Romans 1 speaks to your question though. Man suppresses what he does know and therefor doesn't get new light. How did Cornelius come to know about Jesus? Or how did the Ethopian Eunich come to know about Jesus? Both were seeking God and God saw to it that someone was sent to tell them. How did Abraham come to know God? God himself showed up. Not everyone gets the same experience that Israel had with Jesus. But not everyone needs that same experience either. As long as we respond to the light we have, we get more light and God will give more revelation about himself.

9Marksfan
Jan 23rd 2009, 05:26 PM
What exactly does that mean? If a person only knows in part can they truly reject in full?

Yes - take for example a girl who lets her know she really likes you and would want to be in a relationship with you - you think about it, but say "no". You only know a little bit about her, but in saying "no" and walking away from any kind of relationship with her, you are rejecting her completely - it's the same with us. The Rom 1 passage says that ALL of us - to some extent - have a "knowledge" (ie awareness/consciousness) of God through creation - but we suppress it - and thereby reject it - rejecting God in the process in His entirety. That's why Jesus tells us again and again to make use of the knowledge we have - and to obey God when He commands us - lest a worse thing happen to us.....

Pilgrimtozion
Jan 23rd 2009, 05:40 PM
Romans 1 also says that man is without excuse. So whether man known in part or in full, apparently it is possible to be fully rejected in either case.

Pilgrimtozion
Jan 23rd 2009, 06:05 PM
1 Corinthians 13 says that on this side of eternity, we only know in part. If we knew fully, faith wouldn't be an issue, would it? The essence of faith is that, while not being able to see all aspects of everything and not having all the answers, you still choose to serve God and live for Christ. The fact that people only know in part does not mean they cannot be punished in full. People have a choice to have faith or not, they have a choice as to how they live their lives. Like I said in my previous post, people are without excuse because God has clearly revealed Himself to us.

mikebr
Jan 24th 2009, 03:01 AM
1 Corinthians 13 says that on this side of eternity, we only know in part. If we knew fully, faith wouldn't be an issue, would it? The essence of faith is that, while not being able to see all aspects of everything and not having all the answers, you still choose to serve God and live for Christ. The fact that people only know in part does not mean they cannot be punished in full. People have a choice to have faith or not, they have a choice as to how they live their lives. Like I said in my previous post, people are without excuse because God has clearly revealed Himself to us.


Now we see but a poor reflection;
then we shall see face to face. Now I know in part;
then I shall know fully, even as I am fully known. And now these three remain: faith, hope and love.
But the greatest of these is love.


Has His Love been fully revealed? Is that what we only know in part?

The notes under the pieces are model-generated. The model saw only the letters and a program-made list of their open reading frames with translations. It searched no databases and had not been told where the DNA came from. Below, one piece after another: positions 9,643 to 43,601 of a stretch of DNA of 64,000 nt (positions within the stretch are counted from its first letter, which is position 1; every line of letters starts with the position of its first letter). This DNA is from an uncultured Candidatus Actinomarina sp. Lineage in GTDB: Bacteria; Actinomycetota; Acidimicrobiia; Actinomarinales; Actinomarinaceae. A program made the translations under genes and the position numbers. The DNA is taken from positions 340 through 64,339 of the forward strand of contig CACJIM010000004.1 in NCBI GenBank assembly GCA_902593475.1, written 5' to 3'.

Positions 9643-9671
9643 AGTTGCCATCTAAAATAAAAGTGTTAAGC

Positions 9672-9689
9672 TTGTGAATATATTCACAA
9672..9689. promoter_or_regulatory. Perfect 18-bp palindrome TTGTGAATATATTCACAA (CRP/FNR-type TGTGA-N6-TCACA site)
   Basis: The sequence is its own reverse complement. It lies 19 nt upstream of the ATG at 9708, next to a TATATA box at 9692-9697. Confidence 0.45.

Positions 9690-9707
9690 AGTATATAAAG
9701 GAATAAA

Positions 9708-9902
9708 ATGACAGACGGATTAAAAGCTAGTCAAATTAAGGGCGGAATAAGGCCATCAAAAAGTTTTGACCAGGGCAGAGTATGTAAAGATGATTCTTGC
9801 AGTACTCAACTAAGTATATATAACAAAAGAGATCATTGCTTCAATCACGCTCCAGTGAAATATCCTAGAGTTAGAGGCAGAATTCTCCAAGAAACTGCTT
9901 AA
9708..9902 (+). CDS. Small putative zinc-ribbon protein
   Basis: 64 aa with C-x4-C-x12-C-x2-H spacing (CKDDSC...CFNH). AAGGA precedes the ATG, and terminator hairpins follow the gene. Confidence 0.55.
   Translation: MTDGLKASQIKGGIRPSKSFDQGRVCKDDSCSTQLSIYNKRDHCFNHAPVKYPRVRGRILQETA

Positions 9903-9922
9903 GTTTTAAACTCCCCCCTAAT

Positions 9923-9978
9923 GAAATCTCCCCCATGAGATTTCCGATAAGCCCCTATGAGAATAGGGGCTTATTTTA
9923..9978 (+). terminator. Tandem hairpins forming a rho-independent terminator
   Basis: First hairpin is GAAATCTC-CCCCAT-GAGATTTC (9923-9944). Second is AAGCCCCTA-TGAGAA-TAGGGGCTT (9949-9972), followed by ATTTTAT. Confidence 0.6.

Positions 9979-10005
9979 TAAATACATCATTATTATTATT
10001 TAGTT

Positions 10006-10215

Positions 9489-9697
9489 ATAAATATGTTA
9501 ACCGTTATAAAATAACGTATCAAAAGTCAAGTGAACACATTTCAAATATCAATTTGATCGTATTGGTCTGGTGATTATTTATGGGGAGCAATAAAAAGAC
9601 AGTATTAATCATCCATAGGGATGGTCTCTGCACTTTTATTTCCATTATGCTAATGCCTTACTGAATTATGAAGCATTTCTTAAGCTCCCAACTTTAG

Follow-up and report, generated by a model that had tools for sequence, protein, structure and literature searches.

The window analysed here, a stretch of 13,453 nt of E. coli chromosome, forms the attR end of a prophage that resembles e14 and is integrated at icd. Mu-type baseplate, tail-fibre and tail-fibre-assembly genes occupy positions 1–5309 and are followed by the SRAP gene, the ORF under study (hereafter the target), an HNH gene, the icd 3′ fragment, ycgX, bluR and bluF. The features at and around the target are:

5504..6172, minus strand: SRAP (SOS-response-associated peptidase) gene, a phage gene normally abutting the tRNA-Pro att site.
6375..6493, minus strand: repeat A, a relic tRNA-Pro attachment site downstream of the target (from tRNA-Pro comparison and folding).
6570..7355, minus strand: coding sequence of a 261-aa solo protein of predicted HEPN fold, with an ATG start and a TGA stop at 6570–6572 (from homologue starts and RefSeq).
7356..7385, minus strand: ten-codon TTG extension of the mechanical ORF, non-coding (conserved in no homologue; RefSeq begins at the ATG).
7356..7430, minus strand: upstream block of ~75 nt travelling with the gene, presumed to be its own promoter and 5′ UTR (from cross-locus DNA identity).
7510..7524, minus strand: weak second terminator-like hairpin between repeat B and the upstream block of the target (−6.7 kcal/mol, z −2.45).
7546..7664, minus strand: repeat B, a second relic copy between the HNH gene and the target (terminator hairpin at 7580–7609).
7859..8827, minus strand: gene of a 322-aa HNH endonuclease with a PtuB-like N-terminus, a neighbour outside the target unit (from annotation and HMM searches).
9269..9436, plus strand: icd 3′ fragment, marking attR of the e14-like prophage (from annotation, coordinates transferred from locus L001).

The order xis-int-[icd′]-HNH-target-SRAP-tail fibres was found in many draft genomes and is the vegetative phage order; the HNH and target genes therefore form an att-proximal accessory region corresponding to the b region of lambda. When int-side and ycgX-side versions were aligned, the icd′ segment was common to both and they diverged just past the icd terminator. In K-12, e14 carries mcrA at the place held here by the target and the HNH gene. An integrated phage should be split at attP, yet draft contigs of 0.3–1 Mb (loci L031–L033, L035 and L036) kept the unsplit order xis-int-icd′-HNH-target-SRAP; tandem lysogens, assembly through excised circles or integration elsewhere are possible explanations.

Pilgrimtozion
Jan 24th 2009, 07:58 PM
We'd actually get somewhere if you try to answer the points being brought up in relation to the passage instead of asking new questions...

mikebr
Jan 24th 2009, 09:56 PM
We'd actually get somewhere if you try to answer the points being brought up in relation to the passage instead of asking new questions...


What particular question did you have in mind? If you copy the post I'll do my best.

Pilgrimtozion
Jan 25th 2009, 01:47 AM
I was speaking of the post I quote here.

mikebr
Jan 25th 2009, 03:18 AM
I was speaking of the post I quote here.
still missing it.

mikebr
Jul 3rd 2013, 09:06 PM
What exactly does that mean? If a person only knows in part can they truly reject in full?


We throw this out a lot, that people reject God. Could it be that just because they rejected us or our denomination, or our doctrine that they don't necessarily reject God. Obviously we get things wrong from time to time. What if they walked away because they rejected a wrong teaching. Did they reject God or a lie?

Gadgeteer
Jul 6th 2013, 05:00 AM
What exactly does that mean? If a person only knows in part can they truly reject in full?

Everyone is given a choice; it's between following God, or following sin. There is no in-between; he who does not commune with God through Jesus, abides in sin. He who believes fellowships with Jesus; he who dwells in sin does not believe.

Even those who have never heard of Jesus can know Him as far as their understanding allows; this is the message of Rom2:14-16. Paul also says in about the same context (Rom1:19-20) that Jesus can be known through what He has made.


So can someone who is truly saved, who truly knows God (and God knows him/her), become unsaved? Yes. See Gal4:11, 5:7, and 5:4. The entire letter of Hebrews warns against falling-from-salvation (ceasing to be born-again in 12:7-9). 3:8-14 warns us not to be deceived by sin to a hard heart that falls away from the living God. 4:11 warns us not to fall and fail to enter God's rest by imitating the disobedience and unbelief of Israel (see 3:18-19).